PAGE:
Apple’s new Magic Keyboard for iPad Pro — the one with the built-in trackpad — looks amazing. But it costs $ 350. That’s very pricey for a keyboard. Plus, it’s a keyboard that will only be useful for as long as it can attach to your iPad Pro. That means it might not fit your next tablet if Apple tweaks the iPad Pro design.
Compare that to a USB or Bluetooth keyboard, which will remain compatible with every computer that gets made in the foreseeable future. Toady we’ll see how to share your Mac’s keyboard and mouse or trackpad with your iPad. We’ll also learn how to instantly switch between the two, both with USB and Bluetooth.
No, it’s not as portable as the new Magic Keyboard case, but it’s less messy on your desk. And you will likely have a better keyboard, and a better trackpad.
$ 350 buys a really, really good Bluetooth keyboard
If you already own a keyboard and mouse you’re happy with, you can use those. Or you can go shopping. I use a Filco Majestouch keyboard (it costs around $ 120), and an Apple Magic Trackpad 2 ($ 129). I would then combine these with a switching USB hub (more on that below). Mine set me back around $ 35.
If I add all that up, I get to $ 284. And that’s for, in my opinion, the best keyboard and trackpad available. You could even throw in a mouse and still have money left over.
Note: Thanks to recent iOS 13 updates, you can use any keyboard with an iPad, even a PC keyboard, because the iOS settings now let you swap the ⌘ and ⌥ keys to make them work like they do on a Mac.
One important point to note is that you really want Apple’s Magic Trackpad 2 if you plan to use it with the iPad. That’s because it’s the only device (apart from the new Magic Keyboard case and Logitech’s new Combo Touch case) that works with all the multi-touch trackpad gestures available in iPadOS 13.4.
Some Bluetooth mice and keyboards have a switch that lets you connect to different devices. Several Logitech keyboards and mice do just this. The keyboards have up to three buttons that can quickly connect to different devices. I like this, but they are slow, and you have to switch each one individually. If you choose this route, then we’re done. Just follow the instructions that came with your new peripherals.
USB keyboard and trackpad switcher for iPad and Mac
This is my favorite option. I have my keyboard and Magic Trackpad 2 hooked up to the above-mentioned USB 2.0 switcher hub. The hub has four USB A ports on one side, into which you plug your keyboard, mouse, and trackpad. On the other side are tow more USB A ports, and you use these with the supplied USB A-to-A cables to connect to your Mac, and to your iPad. I have the hub clipped to the stand of my iMac, with the second cable running to a USB-C dock I use for the iPad.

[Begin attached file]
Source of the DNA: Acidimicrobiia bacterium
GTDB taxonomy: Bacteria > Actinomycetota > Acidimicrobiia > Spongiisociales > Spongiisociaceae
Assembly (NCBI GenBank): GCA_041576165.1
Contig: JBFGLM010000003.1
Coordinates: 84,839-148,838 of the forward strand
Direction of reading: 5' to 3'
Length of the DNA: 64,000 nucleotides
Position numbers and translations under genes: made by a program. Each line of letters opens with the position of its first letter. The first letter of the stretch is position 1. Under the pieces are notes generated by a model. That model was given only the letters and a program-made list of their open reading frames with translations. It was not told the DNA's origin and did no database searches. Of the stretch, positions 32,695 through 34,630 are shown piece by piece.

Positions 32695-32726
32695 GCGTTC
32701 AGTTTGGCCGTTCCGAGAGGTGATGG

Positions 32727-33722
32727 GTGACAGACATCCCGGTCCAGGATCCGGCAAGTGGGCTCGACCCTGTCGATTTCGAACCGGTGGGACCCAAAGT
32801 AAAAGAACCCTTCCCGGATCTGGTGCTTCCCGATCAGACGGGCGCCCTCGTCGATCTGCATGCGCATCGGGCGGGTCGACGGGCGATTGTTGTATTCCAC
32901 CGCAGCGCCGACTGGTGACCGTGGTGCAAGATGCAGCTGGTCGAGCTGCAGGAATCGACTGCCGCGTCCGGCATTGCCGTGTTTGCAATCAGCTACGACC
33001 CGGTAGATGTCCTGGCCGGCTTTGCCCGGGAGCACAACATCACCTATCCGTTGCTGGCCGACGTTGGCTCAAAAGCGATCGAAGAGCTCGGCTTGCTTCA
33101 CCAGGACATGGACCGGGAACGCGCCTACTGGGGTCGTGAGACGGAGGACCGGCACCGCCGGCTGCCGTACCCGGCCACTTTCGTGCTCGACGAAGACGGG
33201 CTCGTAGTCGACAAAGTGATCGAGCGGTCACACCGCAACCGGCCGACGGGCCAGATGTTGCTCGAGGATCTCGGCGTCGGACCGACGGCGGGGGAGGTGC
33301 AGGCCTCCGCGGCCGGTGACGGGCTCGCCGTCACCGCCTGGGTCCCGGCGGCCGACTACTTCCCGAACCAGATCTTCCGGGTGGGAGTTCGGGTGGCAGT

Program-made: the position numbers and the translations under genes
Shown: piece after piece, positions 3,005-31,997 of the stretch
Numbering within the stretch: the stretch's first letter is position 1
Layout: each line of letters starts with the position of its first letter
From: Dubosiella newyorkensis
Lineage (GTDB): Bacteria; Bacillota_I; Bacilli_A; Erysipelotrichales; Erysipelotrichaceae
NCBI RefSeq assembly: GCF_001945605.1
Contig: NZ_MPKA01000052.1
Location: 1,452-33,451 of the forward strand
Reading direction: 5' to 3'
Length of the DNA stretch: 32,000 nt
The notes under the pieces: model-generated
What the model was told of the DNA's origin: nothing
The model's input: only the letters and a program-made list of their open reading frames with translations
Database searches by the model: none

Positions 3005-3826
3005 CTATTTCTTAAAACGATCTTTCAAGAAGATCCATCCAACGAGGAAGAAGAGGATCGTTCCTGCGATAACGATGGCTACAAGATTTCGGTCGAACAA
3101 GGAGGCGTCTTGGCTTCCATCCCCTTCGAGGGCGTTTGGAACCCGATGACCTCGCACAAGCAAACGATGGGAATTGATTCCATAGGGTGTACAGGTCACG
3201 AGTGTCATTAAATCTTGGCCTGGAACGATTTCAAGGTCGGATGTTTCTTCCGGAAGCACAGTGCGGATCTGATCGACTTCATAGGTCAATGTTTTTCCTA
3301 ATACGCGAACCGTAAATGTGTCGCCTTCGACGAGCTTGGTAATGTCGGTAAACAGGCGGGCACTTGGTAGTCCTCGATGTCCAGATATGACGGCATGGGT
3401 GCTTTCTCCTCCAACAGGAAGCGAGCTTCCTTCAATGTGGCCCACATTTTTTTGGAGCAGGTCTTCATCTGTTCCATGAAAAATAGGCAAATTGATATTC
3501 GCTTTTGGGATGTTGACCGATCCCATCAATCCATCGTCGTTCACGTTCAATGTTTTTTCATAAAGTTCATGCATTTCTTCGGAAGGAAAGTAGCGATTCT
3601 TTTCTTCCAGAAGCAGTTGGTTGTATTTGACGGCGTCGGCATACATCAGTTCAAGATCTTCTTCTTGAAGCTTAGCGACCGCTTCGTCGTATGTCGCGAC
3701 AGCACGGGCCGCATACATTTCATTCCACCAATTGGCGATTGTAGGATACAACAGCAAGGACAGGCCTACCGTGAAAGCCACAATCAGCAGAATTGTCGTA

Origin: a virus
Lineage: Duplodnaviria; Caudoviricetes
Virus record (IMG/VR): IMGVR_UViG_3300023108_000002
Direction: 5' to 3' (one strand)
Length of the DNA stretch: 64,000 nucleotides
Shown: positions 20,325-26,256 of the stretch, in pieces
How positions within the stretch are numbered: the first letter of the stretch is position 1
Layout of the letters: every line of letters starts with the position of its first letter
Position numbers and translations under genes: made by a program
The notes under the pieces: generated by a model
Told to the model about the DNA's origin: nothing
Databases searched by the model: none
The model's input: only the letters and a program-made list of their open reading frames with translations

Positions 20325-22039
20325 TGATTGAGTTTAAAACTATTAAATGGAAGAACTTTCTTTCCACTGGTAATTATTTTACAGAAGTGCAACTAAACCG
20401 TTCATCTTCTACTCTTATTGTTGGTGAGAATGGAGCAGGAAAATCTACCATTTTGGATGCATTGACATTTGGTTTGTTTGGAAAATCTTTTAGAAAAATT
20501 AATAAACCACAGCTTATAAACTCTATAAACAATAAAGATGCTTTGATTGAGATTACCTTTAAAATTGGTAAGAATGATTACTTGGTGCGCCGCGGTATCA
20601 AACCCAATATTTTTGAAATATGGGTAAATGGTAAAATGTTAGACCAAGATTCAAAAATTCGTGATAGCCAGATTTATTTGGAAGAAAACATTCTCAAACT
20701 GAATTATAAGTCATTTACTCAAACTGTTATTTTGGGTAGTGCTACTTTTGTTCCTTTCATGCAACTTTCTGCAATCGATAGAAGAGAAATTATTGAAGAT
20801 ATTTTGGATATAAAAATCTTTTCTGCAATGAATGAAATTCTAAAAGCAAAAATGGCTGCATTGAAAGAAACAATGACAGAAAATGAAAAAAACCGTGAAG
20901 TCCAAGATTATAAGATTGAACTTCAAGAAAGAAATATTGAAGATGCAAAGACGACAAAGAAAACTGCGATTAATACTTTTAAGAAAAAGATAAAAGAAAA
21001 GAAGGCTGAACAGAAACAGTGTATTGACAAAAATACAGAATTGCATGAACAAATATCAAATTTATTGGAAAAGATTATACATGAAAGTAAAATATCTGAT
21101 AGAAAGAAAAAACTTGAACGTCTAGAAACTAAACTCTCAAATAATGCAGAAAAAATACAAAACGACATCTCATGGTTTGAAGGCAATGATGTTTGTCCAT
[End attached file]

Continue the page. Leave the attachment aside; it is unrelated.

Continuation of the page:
With this setup, I hook my iPad up to its USB-C dock, as usual, and whenever I want to use the keyboard and trackpad, I just reach behind the Mac and press the button. The trackpad and keyboard are instantly available on the iPad. It’s like Magic. And because I’m using it via a powered hub, the iPad also stays charged, and is connected to my audio interface, and speakers etc. And the best thing is, it just works.
There are lots of USB switch hubs available. I can’t find mine on the U.S. Amazon site, but search for KVM switches and you’ll find something. There are even KVM switches that can share a monitor between computers, but I have no idea how well that might work with an iPad.
Enjoy the setup
This is a niche setup, but it’s a large niche. If you need to turn your iPad into a laptop with a trackpad, then Apple’s option is still best. But if your use-case is sitting at the desk, then this is a much better option. You get a better keyboard, and a bigger trackpad. It’s also way cheaper, because you just need the switch — surely your Mac already has a keyboard and mouse/trackpad you like, so just use them.